So whether you serve it after Christmas dinner or lunch or just for any regular day at tea, this coconut cookie will keep you happy.
East Indian Borose (Semolina Coconut Cookies)
Click the stars to add your rating! Left you don’t like it, right you love it!
- 3 Egg Whites
- 1 Egg Yolks
- 30 gms Butter
- 300 gms Powdered sugar
- 300 gms Semolina
- 1 tablespoon Rose Water
- 1 Coconut (Grated) Ground fine
- Beat the whites of 3 eggs and 1 yolk with a whisk or a fork.
- Add butter and powdered sugar and mix well. Then add the semolina and rose essence and mix again.
- Lastly add the freshly ground coconut and mix. Allow to rest for a few hours or overnight.
- Once done resting, make small balls, flatten them and make a design using the tines of a fork. Add color using the same fork if you want to.
- Place them on a tray that has been dusted with flour.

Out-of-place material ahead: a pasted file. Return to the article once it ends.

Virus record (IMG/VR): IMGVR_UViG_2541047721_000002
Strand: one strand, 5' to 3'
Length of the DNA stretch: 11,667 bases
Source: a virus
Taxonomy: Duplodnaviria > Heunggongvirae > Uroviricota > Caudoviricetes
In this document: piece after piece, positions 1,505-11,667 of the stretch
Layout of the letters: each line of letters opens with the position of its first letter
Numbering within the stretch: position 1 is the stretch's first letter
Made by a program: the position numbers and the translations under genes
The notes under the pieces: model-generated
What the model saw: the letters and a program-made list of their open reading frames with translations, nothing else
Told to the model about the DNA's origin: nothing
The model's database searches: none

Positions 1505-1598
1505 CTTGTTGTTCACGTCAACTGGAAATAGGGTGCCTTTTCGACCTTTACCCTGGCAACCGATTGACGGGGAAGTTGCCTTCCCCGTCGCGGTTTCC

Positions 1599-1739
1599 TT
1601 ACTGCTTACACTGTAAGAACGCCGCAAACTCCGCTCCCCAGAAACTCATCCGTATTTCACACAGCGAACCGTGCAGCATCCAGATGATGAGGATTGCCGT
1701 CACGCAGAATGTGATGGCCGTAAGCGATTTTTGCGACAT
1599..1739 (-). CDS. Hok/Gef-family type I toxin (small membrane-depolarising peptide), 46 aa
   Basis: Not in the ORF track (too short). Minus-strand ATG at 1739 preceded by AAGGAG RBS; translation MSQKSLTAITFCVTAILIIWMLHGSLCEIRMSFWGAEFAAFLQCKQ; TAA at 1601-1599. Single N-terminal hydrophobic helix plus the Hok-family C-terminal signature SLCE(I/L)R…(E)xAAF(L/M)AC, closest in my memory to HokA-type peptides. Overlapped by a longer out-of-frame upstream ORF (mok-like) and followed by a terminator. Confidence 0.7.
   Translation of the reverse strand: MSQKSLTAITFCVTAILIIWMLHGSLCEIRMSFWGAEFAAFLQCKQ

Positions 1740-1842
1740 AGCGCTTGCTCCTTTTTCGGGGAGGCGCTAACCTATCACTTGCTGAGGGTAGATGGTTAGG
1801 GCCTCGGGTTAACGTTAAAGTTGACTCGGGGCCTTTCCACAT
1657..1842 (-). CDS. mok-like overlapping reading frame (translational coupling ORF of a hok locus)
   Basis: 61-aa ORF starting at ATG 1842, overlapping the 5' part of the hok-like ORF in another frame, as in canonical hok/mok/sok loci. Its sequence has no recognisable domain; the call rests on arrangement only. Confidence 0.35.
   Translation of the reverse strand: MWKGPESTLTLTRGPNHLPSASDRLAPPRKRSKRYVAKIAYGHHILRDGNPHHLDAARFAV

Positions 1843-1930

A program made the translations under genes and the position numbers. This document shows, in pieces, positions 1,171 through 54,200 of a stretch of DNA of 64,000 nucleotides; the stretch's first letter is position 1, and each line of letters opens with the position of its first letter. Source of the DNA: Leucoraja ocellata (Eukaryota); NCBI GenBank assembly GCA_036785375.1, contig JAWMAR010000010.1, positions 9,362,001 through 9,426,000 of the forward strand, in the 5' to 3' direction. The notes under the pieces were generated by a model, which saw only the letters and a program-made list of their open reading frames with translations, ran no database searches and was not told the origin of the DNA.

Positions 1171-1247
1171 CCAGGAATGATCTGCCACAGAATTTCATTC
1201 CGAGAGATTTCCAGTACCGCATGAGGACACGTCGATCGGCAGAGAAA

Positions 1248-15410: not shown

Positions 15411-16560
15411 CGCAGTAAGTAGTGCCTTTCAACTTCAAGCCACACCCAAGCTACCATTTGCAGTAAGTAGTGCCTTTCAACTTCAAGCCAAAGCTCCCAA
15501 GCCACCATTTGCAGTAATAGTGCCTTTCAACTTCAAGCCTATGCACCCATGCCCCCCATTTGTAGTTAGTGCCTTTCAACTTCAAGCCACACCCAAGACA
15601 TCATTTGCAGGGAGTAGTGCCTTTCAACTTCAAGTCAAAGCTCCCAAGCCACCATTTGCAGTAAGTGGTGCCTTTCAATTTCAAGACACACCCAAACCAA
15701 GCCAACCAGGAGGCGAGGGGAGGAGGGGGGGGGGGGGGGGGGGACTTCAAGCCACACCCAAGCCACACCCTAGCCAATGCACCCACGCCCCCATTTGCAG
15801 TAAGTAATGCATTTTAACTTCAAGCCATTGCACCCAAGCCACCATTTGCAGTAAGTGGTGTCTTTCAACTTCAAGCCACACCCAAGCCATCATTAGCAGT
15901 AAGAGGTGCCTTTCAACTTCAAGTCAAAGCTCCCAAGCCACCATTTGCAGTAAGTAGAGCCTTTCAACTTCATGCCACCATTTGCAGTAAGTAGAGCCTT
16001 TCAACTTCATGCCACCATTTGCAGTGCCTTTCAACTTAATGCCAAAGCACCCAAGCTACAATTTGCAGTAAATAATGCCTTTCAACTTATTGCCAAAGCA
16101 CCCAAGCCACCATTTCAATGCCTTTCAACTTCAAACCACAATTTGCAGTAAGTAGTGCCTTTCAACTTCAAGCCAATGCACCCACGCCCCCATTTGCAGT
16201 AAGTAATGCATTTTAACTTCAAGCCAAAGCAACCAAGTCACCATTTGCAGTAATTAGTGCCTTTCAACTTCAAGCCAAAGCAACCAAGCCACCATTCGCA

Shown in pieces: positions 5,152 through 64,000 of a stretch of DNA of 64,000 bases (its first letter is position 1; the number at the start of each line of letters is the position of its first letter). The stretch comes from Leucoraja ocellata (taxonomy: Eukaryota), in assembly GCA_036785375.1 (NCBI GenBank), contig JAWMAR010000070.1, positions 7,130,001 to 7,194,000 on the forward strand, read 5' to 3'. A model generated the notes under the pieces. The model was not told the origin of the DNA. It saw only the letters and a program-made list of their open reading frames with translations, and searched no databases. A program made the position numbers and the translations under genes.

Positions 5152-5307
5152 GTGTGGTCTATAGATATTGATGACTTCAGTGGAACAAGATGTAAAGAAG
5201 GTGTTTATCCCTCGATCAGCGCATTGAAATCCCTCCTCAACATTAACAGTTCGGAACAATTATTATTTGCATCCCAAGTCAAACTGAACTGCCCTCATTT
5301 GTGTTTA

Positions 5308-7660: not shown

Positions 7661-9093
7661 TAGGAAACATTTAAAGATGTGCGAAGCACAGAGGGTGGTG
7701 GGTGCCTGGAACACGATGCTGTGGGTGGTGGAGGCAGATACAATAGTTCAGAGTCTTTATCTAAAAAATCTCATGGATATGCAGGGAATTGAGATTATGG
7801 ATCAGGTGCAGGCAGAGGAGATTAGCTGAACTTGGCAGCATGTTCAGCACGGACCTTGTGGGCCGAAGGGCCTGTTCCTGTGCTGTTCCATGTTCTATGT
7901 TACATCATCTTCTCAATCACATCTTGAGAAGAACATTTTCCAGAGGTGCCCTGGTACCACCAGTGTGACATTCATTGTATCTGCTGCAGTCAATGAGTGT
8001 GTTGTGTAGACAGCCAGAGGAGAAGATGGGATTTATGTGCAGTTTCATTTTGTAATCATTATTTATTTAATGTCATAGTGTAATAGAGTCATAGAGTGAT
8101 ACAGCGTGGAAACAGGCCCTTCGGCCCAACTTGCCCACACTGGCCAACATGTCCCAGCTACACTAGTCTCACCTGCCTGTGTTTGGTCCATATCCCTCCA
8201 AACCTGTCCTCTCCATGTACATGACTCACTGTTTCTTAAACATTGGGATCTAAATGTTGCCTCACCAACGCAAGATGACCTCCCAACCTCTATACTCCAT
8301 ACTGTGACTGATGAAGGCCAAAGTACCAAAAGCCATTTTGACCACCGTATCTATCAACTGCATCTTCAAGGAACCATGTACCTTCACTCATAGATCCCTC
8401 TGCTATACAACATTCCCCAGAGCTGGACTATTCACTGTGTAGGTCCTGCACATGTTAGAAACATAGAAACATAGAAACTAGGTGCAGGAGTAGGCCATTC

- Bake in a pre-heated oven for about 30 minutes and your Boros are done!
Please click to rate the recipe! Left you don’t like it, right you love it!
- If you do not have fresh ground coconut, you can use desiccated coconut.
- Replace the rose essence with rose water if using desiccated coconut, so it soaks well.
- The weight of the coconut should be equal to the weight of the sugar or semolina.
- Using powdered sugar helps, as you do not have to worry about the cookies being grainy.
Nutrition (Per Serving)
Disclaimer: Nutrition Information per serving is estimated by a third party software based on the ingredients used, and is for informational purposes only. It will vary from product to product, based on methods of preparation, origin and freshness of ingredients. Please consult the package labels of the ingredients you use, or chat with your dietician for specific details.
East Indian Bottle Masala, at your door in any country!
You can now get real East Indian bottle masala delivered right to your door in any country across the globe. Chichowni and Purish Masala too! To order, Whatsapp tel: +919175191561 (No email, no website – Whatsapp is the only way to order. You’ll find the automated system very easy to use.)